I pulled my car up to the green light setting the blinker on to make a left-hand turn. The intersection was crowded with cars all containing anxious souls in a hurry to get home after a long day. At every angle surrounding my car was another driver attempting to make their own turn. A friend was in the passenger seat beside me and we both looked on as a couple engaged in conversation made their way through the chalky white lines of the pedestrian walk. We watched and we waited… and waited some more while I made a quip about it. It appeared that the couple was completely unaware of the three different drivers who were all attempting to move forward but required to wait as they strolled through the intersection.
- I experienced fear of missing the light when I was growing tight on time.
- I felt guilt for my sarcastic quip because I held an expectation that these two strangers would understand the busyness around them.
- And I voiced my ill conceived quip aloud to my dear friend seeking affirmation for my poor reaction- not response- to a random hiccup of life.
- Who am I to demand two innocent people to move a little faster just so that I may not experience uncomfortable emotions that are just a part of every day life?
We must only look to the words of the apostle Paul in his letters to the Galatians to bring clarity to these barriers and why we come up against them. The Galatians had accepted the false teaching of others and sought to be justified in their actions by the Mosaic Law.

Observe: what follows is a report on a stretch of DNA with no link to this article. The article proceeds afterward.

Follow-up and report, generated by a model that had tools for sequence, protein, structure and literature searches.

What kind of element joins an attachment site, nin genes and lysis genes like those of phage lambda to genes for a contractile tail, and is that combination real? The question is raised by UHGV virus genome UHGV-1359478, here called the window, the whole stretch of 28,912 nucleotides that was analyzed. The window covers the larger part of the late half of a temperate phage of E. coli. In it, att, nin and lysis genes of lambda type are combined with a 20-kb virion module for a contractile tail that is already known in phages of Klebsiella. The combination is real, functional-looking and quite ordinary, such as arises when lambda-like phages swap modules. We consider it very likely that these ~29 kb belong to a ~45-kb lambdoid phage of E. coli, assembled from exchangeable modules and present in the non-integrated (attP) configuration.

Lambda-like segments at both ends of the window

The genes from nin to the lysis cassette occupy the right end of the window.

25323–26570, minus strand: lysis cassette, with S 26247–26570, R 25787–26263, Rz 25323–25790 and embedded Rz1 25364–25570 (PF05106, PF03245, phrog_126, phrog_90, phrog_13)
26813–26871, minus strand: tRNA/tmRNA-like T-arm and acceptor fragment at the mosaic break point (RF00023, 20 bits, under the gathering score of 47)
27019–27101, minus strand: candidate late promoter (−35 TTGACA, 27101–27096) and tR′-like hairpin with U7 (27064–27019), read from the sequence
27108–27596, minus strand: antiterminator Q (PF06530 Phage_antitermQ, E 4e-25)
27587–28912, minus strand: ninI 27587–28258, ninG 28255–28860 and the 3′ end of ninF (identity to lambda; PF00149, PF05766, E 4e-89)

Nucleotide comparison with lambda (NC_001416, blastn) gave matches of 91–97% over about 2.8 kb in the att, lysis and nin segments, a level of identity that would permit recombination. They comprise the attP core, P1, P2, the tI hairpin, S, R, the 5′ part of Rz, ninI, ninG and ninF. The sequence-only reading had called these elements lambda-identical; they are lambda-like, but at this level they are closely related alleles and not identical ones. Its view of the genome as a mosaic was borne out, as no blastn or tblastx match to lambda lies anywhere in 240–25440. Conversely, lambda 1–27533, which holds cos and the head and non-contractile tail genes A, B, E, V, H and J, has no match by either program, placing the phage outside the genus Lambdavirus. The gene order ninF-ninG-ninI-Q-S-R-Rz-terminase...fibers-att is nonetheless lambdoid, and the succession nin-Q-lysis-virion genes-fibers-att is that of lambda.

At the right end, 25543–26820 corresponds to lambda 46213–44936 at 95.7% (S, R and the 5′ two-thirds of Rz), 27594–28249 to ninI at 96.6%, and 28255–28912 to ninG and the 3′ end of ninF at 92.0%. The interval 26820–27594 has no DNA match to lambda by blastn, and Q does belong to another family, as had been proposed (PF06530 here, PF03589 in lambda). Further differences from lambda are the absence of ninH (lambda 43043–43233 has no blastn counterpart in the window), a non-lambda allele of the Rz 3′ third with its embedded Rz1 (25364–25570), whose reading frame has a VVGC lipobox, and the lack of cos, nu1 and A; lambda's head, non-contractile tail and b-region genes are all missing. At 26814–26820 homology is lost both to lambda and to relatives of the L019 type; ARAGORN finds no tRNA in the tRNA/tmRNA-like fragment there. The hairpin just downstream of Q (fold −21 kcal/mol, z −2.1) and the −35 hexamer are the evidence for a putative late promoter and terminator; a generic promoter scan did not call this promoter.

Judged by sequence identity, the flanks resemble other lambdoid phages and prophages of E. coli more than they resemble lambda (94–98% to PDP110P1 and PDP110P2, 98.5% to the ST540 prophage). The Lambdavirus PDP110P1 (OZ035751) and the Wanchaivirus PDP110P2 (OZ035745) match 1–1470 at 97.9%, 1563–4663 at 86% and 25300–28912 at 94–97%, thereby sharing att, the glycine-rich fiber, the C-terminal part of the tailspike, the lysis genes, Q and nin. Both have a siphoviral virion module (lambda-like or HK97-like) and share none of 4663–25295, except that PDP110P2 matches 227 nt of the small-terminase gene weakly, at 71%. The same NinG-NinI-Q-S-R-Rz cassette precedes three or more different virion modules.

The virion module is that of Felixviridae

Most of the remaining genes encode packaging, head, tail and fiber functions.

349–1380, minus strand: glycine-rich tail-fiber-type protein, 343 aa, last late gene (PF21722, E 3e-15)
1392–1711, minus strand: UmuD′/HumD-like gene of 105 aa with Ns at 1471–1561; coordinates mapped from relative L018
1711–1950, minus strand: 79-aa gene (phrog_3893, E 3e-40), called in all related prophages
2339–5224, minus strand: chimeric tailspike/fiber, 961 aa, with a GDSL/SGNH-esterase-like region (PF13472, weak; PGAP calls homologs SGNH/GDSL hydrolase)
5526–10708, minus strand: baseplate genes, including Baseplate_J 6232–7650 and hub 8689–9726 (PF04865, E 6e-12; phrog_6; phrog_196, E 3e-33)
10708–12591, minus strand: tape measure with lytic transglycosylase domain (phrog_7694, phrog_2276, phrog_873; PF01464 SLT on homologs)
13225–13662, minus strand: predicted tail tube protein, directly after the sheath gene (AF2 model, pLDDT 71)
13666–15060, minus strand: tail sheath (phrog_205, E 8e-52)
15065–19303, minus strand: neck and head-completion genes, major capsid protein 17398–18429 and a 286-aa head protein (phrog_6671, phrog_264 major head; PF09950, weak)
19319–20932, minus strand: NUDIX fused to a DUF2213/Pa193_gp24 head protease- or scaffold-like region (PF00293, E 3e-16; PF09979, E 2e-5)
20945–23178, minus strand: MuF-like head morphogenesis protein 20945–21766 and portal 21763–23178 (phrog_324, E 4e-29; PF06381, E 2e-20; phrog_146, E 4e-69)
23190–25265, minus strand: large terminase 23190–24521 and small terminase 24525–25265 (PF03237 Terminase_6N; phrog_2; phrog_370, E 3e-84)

Galatians 1:10, Do you think I am trying to make people accept me? No, God is the One I am trying to please. Am I trying to please people? If I still wanted to please people, I would not be a servant of Christ.
To be a servant of Christ, we must let go of our need to have others accept us. We deeply desire for others to be like-minded with our thoughts and opinions so that our choices are not only pleasing to others, but be pleasing to ourselves. We do this so that we may not have to experience the uncomfortable emotions that are a part of every day life. We do this to serve the minds and emotions of others, and ourselves. And we do this to justify our sin. But this is not of Christ. If we do these things to serve our own minds and emotions, we would not be servants of Christ.
Sometimes our hearts are tested, we gamble, and we lose. But count all these tests and trials as joy for they are the moments that teach us what true servanthood in Christ must resemble. They are the moments that teach us what real grace looks like. And sometimes they happen in the middle of an intersection.